I really think children should be able to cook some basic recipes by the time they leave school. I think there should be three things they can cook and they should be tested on them so we have some hope of producing a generation which doesn't rely on junk food. But how would you decide what these should be? These suggestions of mine are based round my own children's needs (they need high energy food at the moment: they're 10 and 12 and do a fair bit of sport).
Macaroni cheese SHepherd's pie Apple crumble Spaghetti bolognese Roast chicken Sponge cake Basic tomato sauce for pasta Jacket potato with tuna mayonnaise Roast potatoes A simple vegetable curry Chicken or fish fillet in homemade breadcrumbs
I don't agree that schools should be teaching cooking. And I'll tell you why: the equipment necessary for teaching cooking is expensive and fragile, and I would rather resources were spent on things that children cannot do easily at home.
I do, however, think that we should be teaching children about nutrition and catering in the classroom.
I was on the academic fast-track at school and spent any free time doing extra reading for my Oxbridge exams. But I know I could have learned something from just one lesson a week in the home economics lab. My mother was a good cook but she worked full-time so there wasn't an awful lot of time in the evenings for her to do more than teach me the basics: useful, but not extensive.
I very much doubt I could have learned anything at all from a "home economics" lesson! And I am not alone.
I think that lessons that make children think about things like good nutrition, good personal hygiene, keeping yourself safe, keeping your home and finances in good order etc are much more interesting and useful than being taught to make macaroni cheese.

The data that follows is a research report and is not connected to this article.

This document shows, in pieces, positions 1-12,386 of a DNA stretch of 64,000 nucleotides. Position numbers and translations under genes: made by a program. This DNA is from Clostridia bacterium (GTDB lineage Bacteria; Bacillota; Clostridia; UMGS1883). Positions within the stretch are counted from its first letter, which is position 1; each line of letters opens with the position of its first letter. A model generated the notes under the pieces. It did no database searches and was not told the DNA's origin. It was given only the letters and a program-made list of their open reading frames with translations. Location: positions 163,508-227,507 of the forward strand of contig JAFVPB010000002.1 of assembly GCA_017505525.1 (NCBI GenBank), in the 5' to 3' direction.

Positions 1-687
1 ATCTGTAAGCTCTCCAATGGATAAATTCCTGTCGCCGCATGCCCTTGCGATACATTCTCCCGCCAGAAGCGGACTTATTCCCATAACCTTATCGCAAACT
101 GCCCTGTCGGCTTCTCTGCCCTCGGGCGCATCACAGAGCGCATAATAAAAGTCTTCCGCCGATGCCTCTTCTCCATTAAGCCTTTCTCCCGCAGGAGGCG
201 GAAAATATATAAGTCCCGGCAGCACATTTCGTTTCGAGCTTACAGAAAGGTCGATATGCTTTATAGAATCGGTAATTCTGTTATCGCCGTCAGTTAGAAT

DD1 started home economics - or food tech as it is now called - this year at secondary school. She is 11. The first thing they made was fruit salad. They have since made pizza with a scone-dough base (disgusting) scones with 'imaginative' flavours (beyond disgusting) and a very simple pasta and tomato sauce. Oh, yes, and a fairly adequate fruit crumble. It was a complete waste of time.My six year old can manage all that, and more.
I think that being able to interpret washing labels is an invaluable skill and, since they are universal, quite appropriate to teach in school, but why not in a chemistry lesson, in year 7? I got taught to wire a plug in a physics lesson, very early on in my secondary school career.
Relating science to real, useful, everyday skills brings it alive and makes children understand its relevance to them.
I left school without being able to cook much but had a Damascene moment concerning a tin (the horror) of macaroni cheese and promptly phoned my Mum for a recipe. Her maxim has always been "if you can read, you can cook".
I learnt loads in HE (in the mid 80s). I think it can be very useful if taught properly.
We did a recipe a week and while it was cooking we did a mini science lesson eg when we made apple crumble, we experimented putting different things on apple to slow the browning. We had to write it up with aim, method, results, conclusions etc like in chemistry or physics. We also did a lot of nutrition.
The food I made was always a success at home although that might be more to do with having hungry teenage brothers!